Article in Wyoming Tribune Eagle
By Josh Mitchell
CHEYENNE — Botanic Gardens Director Shane Smith flips through a guestbook that has been signed by people from across the country. “It’s a great thing that a small town like Cheyenne has a botanic gardens,” Smith says.
But to preserve the asset, a $16 million renovation and expansion project (Proposition No. 4) needs to be approved on the Aug. 21 sixth-penny sales tax ballot, Smith said.
Click to enlarge
Article in Wyoming Tribune Eagle
By James Chilton
Cheyenne was ranked 5th best in America out of 100 cities in which to raise a family by Parenting magazine. The article pointed out that rankings were influenced by “access to alternative education outlets.”
Cheyenne Mayor Rick Kaysen said in the Wyoming Tribune Eagle article, ““We also look at our Botanical Gardens, which are continuing to grow. And part of that, too, is our Children’s Village, which is a huge, huge asset, not only for children but adults as well.”
Kaysen added that while the city’s low crime and unemployment are the “spokes in the wheel” of Cheyenne’s quality of living, it is the city’s ability to foster public-private partnerships for improvement projects that have helped to solidify the city’s sense of community.
The Friends of the Cheyenne Botanic Garden is one of the best examples of a excellent public/private partnership.
Suckers, also known as “water sprouts,” are notorious for sprouting from the base and crotches of some trees. They grow fast and straight. These succulent shoots are more susceptible to disease and insects. Prune these suckers on a regular basis. They occur most frequently on Canada Red Cherry, crab apples, and many other trees. Over-fertilization may trigger the production of sprouts.
Don’t give these suckers a break!
The Little Critters Mobile Petting Zoo is set up adjacent to the Botanic Gardens Greenhouse.
For a small fee you can pet all kinds of wonderful critters. In honor of the County fair it has been held over and will be open from 10 am to 6 pm through August 12th. The Llama hums a great tune.
For more information call 307−286−6620
It is cantaloupe season in the markets, and the price is wonderfully low, while the quality is high. To get a ripe one, only select those with a healthy golden or orange color under the netting (not green).
Also look for a nice, rounded, smooth crater where the vine was once attached. If you see any trace of the vine remaining in the crater, don’t buy it as it was harvested before its prime.
Always thoroughly wash the fruit before you slice into it to prevent the growth of bad bugs in the flesh of the fruit.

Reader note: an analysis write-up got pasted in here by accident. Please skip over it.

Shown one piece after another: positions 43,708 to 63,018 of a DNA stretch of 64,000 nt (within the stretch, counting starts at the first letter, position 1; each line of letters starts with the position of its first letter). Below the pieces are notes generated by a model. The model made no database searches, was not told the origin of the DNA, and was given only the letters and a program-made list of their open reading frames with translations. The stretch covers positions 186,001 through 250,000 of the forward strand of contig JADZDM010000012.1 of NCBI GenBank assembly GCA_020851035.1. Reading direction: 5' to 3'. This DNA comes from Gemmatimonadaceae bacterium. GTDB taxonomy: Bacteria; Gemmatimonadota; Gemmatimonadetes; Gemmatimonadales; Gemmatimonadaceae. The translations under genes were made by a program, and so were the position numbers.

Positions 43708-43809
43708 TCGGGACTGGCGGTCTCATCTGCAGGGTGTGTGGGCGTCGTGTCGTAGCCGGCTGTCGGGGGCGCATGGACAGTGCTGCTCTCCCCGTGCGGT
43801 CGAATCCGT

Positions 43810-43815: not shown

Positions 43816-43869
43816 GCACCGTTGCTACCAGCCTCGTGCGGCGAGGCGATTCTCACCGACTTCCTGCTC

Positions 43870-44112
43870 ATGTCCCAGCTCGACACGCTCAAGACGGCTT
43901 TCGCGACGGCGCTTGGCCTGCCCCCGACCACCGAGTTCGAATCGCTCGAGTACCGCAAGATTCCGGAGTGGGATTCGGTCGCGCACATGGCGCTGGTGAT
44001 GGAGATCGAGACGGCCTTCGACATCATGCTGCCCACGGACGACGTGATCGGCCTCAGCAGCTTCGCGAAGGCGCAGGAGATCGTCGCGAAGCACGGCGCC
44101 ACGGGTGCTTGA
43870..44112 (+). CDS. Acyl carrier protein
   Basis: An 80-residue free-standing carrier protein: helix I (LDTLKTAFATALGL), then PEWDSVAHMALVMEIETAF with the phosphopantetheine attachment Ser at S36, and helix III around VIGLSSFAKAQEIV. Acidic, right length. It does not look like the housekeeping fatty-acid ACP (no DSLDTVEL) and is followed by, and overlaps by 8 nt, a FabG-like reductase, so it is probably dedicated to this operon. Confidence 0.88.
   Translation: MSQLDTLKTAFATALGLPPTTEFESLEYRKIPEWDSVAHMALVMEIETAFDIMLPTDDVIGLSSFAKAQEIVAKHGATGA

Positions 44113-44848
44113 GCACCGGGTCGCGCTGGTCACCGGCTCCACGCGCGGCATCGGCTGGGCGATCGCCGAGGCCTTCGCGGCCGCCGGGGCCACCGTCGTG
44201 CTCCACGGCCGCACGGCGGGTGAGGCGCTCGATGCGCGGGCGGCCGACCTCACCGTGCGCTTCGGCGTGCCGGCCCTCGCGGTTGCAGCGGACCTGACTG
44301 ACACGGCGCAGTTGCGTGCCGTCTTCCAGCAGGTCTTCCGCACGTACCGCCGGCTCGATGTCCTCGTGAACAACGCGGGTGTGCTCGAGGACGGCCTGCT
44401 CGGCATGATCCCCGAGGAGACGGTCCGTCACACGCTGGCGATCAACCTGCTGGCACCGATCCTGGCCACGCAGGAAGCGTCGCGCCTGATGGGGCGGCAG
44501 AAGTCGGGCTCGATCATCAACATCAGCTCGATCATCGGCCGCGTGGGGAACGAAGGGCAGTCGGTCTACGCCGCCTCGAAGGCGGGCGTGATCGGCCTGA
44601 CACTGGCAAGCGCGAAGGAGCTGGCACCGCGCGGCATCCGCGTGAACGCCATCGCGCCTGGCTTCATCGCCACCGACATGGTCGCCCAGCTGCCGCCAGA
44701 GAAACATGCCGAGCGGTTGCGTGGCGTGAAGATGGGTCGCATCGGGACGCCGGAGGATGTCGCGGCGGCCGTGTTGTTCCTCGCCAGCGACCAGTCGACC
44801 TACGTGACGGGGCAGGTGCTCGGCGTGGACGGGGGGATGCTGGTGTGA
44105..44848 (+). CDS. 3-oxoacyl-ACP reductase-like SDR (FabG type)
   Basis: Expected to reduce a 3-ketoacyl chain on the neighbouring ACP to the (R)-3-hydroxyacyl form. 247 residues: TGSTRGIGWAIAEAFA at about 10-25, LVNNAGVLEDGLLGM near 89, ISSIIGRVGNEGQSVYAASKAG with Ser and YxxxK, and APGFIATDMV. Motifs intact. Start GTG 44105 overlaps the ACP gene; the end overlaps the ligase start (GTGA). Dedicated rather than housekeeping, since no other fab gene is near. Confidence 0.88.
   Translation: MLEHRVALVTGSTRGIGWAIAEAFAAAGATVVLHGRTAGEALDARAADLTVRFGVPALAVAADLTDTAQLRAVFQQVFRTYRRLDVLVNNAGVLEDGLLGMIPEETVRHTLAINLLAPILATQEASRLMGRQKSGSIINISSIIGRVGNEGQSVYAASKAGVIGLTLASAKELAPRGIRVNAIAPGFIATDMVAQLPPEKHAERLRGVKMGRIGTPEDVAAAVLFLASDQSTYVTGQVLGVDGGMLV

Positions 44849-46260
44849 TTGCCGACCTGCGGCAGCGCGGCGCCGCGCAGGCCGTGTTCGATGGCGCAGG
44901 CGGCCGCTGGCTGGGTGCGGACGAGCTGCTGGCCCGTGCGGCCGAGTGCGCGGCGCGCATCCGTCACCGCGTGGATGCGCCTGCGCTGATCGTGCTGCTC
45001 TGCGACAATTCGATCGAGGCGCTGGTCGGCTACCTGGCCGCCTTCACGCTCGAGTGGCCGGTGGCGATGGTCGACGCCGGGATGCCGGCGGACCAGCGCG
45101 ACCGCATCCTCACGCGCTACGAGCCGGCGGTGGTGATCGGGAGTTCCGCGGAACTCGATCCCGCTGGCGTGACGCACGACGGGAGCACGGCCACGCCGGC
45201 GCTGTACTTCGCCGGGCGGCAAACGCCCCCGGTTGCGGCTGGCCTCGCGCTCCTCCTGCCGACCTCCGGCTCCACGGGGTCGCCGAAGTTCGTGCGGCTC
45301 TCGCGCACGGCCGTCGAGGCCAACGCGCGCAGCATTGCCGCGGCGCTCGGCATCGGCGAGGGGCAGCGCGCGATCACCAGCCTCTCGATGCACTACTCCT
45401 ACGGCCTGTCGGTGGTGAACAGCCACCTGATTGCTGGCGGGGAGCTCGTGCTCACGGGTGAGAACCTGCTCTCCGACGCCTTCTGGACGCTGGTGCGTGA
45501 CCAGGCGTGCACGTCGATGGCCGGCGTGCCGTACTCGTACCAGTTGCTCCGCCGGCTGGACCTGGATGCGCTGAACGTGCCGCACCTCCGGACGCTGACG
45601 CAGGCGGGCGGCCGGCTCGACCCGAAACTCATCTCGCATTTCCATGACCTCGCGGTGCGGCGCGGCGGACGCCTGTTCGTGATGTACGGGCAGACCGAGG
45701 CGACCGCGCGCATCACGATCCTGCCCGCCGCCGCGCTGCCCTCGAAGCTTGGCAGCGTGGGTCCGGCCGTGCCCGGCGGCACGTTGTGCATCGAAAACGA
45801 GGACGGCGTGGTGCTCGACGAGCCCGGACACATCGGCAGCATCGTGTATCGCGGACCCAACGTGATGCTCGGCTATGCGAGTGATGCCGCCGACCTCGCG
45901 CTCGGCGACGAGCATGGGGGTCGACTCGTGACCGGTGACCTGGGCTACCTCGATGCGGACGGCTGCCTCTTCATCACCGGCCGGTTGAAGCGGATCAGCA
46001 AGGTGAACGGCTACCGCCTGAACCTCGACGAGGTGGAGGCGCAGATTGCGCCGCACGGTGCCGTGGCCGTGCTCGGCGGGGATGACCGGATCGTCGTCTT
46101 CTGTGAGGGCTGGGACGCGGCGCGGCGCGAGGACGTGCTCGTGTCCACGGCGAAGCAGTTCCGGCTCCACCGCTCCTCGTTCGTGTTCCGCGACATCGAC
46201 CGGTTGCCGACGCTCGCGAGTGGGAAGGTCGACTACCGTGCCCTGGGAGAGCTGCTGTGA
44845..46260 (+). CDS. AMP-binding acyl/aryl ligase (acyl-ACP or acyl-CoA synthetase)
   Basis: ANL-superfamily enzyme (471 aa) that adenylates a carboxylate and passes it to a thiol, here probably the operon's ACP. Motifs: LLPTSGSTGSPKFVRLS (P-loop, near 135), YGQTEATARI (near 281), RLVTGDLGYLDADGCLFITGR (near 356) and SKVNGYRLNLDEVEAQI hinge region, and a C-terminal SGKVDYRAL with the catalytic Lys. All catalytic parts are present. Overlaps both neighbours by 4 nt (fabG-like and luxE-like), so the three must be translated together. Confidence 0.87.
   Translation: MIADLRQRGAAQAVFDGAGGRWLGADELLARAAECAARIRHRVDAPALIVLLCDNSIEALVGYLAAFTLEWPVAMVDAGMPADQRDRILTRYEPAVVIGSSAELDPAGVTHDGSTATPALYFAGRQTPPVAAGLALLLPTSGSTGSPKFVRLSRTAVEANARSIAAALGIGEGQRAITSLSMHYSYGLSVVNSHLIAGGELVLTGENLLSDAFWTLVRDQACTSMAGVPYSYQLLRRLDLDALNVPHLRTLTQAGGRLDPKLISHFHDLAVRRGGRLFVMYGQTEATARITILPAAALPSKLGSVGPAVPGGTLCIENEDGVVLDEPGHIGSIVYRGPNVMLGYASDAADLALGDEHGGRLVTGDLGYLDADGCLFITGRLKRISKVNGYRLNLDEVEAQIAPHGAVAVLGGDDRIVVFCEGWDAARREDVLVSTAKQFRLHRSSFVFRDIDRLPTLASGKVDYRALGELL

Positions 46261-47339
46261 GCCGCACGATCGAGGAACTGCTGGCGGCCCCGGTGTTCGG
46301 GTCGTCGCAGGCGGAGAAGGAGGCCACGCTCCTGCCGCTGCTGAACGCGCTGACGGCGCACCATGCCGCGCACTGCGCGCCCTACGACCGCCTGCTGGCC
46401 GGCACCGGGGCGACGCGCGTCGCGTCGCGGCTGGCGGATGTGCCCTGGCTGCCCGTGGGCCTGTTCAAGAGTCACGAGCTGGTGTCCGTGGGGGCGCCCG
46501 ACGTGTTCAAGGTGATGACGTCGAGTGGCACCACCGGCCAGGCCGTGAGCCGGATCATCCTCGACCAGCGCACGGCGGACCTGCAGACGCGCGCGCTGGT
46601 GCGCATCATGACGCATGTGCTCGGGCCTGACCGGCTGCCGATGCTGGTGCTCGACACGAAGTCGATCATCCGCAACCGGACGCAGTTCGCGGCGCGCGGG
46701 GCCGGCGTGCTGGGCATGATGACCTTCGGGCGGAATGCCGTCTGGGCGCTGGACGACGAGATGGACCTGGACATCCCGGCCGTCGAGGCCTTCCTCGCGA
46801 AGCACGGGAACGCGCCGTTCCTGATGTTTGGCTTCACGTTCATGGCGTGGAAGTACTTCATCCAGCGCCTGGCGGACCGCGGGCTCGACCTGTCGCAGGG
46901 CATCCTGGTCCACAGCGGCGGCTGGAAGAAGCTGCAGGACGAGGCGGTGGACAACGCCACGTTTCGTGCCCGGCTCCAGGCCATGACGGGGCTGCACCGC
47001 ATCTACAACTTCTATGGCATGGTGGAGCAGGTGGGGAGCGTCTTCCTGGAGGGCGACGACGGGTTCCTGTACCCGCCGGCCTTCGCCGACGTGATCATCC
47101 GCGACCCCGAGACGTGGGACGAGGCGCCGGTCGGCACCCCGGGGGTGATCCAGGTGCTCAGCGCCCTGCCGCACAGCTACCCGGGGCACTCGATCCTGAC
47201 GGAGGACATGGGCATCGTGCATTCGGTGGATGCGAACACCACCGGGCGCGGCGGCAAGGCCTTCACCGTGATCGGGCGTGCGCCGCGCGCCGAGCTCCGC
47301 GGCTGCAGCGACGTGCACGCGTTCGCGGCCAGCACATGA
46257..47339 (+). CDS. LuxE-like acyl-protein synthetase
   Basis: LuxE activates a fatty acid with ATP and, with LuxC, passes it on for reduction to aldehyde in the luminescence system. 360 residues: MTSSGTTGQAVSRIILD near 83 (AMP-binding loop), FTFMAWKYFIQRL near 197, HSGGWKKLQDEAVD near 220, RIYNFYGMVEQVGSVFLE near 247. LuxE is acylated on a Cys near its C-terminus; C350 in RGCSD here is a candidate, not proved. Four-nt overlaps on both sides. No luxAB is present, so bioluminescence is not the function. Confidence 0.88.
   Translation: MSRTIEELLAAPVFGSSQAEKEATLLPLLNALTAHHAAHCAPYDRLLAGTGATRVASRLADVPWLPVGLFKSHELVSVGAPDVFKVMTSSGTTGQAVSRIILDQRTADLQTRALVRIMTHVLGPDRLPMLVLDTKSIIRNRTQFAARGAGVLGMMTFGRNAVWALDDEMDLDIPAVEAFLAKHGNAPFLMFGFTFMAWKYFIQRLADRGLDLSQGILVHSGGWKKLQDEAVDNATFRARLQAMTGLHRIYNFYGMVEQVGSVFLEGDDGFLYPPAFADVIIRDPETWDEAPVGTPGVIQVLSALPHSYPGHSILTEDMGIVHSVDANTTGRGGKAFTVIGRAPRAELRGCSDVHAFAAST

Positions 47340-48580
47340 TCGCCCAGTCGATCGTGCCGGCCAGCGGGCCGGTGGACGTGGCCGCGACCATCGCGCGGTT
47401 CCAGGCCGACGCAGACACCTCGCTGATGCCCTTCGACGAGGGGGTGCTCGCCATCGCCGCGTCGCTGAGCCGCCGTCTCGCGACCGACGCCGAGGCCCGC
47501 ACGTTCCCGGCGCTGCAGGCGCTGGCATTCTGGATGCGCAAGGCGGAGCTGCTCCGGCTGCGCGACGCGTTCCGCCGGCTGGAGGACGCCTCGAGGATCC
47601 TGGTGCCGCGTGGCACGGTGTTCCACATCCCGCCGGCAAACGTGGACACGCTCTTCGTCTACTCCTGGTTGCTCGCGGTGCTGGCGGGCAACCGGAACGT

We had a great crowd at Shakespeare performance on July 7th, that was thinned somewhat by rain but the show went on. Special thanks to Cheyenne Light Fuel and Power, Holiday Inn and Davis and Cannon attorneys, LLC, for a great performance! The Wyoming Shakespeare Festival Company rocks and they are rainproof too!
One of the joys of having a flower garden is cutting your own bouquets. When you look at the price of store bought bouquets a cutting garden can also save you lots of money.
There are many great choices for cut flowers for the High Plains including dahlias, sweet peas, zinnias, snapdragons, sunflowers, black-eyed Susan’s, lilies, daisies, roses, and gladiolas. Cut flowers last longer if you harvest them in the morning and cut the stem at a slant. For hollow stemmed flowers, hold the flower up side down and fill the stem with water. Flowers with milky sap are best preserved if burnt at the cut end before placing in a vase of water. Roses are best cut as soon as a second petal unfurls. (more…)
As a part of the As a part of the Cheyenne Light, Fuel and Power Summer of Power
series the public was recently invited to the Paul Smith Children’s Village to construct a sod wall. In this region that lacked forests on the High Plains, sod homes were commonplace. The workers at the Village have taken sod walls to a whole new place. A place of friendly creatures. The wall will be up for the remainder of the summer. Special thanks to Landscape Architect, Mark Kosmos for his assistance in working on the wall. (more…)
Echinacea ‘Cheyenne Spirit’
AAS Flower Award Winner
All-America Selections (AAS) is a non-profit organization founded in 1932 to test new flowers and vegetables for home gardening.
This stunning first-year flowering echinacea wins the AAS award and captures the spirit of the North American plains by producing a delightful mix of flower colors from rich purple, pink, red and orange tones to lighter yellows, creams and white. (more…)